How DNA breakthrough has transformed police investigations at Northumbria & beyond
25 Apr 2018 10:00 AM[View Full Size]
A scientific breakthrough more than six decades ago continues to shape the way officers at Northumbria Police and beyond solve crime.
Today marks International DNA Day, which celebrates the discovery of DNA's double helix in 1953 and the completion of the human genome project half a century later.
The idea that crime-fighters in the North-east could one day be able to identify an individual from the smallest trace of their blood, saliva or semen used to be a thing of fantasy.
But now it’s an everyday reality as police forces up and down the country use complex science to convict offenders, free the innocent and track suspects’ whereabouts with unprecedented accuracy.
Whether it’s investigating burglary, car theft or sexual assault, DNA evidence continues to be a key forensic tool used on an everyday basis across Tyneside, Wearside and Northumberland.
“DNA profiling has been an important tool in the investigation of crime,” said Kirsty Potter, Northumbria Police’s Scientific Support Manager.
“It has helped us to collate profiles of crimes and criminals and use them to search and detect offenders in cases where it may not have been previously possible.
“During the early years, a substantial amount of DNA was needed via body fluids such as blood, saliva and semen to be able to obtain an offender’s DNA profile for comparison against a suspect or the National Database.
“But advances in technology have enabled DNA profiling to develop into increasingly sensitive techniques that are now able to detect tiny traces left at scenes and on exhibits that may previously have gone undetected.
“In fact today’s DNA profiling analysis is routinely so sensitive that interpretation is often very difficult, as background DNA is also picked up from touched surfaces and previous legitimate contact.
“The complexity of contemporary DNA interpretation has led to developments in software and even specialist analytical techniques, such as the ability to detect only male DNA amongst an abundance of female DNA.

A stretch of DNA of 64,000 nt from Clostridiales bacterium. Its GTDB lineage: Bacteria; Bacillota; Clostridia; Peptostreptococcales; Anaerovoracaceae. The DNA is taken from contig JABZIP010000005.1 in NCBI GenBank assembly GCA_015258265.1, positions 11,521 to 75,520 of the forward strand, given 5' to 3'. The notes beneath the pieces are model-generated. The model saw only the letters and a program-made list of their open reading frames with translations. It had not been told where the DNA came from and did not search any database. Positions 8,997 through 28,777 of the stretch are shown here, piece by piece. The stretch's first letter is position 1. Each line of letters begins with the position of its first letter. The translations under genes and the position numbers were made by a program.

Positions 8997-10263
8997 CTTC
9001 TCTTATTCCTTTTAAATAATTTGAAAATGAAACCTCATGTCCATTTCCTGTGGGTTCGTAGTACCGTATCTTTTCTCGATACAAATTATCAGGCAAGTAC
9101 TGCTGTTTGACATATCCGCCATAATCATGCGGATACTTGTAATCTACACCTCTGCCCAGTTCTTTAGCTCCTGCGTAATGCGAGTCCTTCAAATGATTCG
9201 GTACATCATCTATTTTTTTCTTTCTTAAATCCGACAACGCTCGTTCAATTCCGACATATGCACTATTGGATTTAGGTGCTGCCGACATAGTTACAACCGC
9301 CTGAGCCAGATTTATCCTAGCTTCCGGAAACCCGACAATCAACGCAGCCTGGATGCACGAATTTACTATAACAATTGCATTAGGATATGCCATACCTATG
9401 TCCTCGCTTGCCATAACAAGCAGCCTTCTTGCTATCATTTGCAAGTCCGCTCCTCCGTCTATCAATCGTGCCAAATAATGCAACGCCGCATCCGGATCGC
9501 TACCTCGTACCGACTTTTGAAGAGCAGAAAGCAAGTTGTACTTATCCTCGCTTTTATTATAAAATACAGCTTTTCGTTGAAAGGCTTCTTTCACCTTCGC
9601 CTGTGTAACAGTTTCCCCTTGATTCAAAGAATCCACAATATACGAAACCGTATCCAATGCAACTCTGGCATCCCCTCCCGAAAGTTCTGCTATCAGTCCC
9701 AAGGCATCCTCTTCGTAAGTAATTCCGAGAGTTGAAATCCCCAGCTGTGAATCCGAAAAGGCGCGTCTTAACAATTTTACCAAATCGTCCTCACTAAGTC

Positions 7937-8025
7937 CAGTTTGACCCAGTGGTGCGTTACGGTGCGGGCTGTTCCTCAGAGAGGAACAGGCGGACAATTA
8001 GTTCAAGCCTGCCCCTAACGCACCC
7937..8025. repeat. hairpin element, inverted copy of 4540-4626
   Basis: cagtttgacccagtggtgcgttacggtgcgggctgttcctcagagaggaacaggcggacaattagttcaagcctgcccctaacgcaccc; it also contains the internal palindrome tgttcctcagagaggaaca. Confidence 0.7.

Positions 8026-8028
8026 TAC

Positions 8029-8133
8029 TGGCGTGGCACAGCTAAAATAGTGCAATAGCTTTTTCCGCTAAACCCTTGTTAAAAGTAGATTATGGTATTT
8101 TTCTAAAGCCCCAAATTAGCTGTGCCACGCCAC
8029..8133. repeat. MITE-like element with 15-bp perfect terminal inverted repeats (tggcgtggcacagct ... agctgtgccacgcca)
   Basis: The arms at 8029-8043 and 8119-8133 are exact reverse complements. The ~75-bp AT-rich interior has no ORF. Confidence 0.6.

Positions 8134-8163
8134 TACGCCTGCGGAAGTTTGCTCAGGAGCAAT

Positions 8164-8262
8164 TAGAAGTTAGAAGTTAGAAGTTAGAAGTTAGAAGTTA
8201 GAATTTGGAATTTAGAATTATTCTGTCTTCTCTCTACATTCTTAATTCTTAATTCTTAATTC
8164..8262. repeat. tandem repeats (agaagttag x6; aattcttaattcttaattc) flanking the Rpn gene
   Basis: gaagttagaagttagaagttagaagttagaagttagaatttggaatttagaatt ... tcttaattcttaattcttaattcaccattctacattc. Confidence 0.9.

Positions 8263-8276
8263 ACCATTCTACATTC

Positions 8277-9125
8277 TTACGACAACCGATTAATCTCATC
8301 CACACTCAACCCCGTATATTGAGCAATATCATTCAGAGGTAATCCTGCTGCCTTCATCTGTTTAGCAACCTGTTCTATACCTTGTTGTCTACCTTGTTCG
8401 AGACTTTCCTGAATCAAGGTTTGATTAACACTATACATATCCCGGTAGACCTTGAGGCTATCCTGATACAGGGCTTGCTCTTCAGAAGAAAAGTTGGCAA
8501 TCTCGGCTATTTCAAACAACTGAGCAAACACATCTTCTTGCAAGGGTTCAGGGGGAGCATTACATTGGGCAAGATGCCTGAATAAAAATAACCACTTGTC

“These advancements ensure that the forensic potential of DNA evidence is still maximised in all criminal investigations.”
DNA was first used in a police investigation back in 1986 to solve the murder of Dawn Ashworth, a teenage schoolgirl who was raped and strangled in Leicestershire.
Now, after decades of scientific advancement, more than 5.3 million individuals in the UK are thought to be retained on the National DNA Database, which was set up in 1995.
As of December 2017, around 80% of profiles on the National DNA Database were thought to be male, the majority of which aged between 25 and 44.
Samples of blood, saliva and hair can all be analysed at a crime scene to help officers obtain a DNA profile, as well as miniscule flakes of skin and even fingernails.
The type of crime in which DNA is used to solve across the Force area continues to broaden too.
“Every day our Scientific Support Department considers using forensics in investigations ranging from burglary to murder and everything in between,” Mrs Potter added.
“Sensitive DNA profiling allows us to identify who may have held a weapon, who may have grabbed the clothing of an assault victim, and even identify offenders who may have deposited DNA in places even they could not have expected.
“Without doubt, DNA remains one of the most powerful forensic science tools in the investigation of crime.”
Among the high-profile recent cases in which DNA profiling helped bring an offender to justice was the conviction of double rapist Eric McKenna, of Clarewood Court, Newcastle.
Last month, the 59-year-old was jailed for 23 years after he was convicted by a jury of two separate stranger rapes in Gateshead and Newcastle in the 1980s.
It wasn't until 2016 that McKenna emerged as a suspect when he was arrested by neighbourhood officers for urinating in a neighbours plant pots following a dispute. He was cautioned for harassment and routine DNA swabs were taken following the incident.
However, when they were processed in the police system they flagged up as exact matches for DNA recovered in the two historic rapes.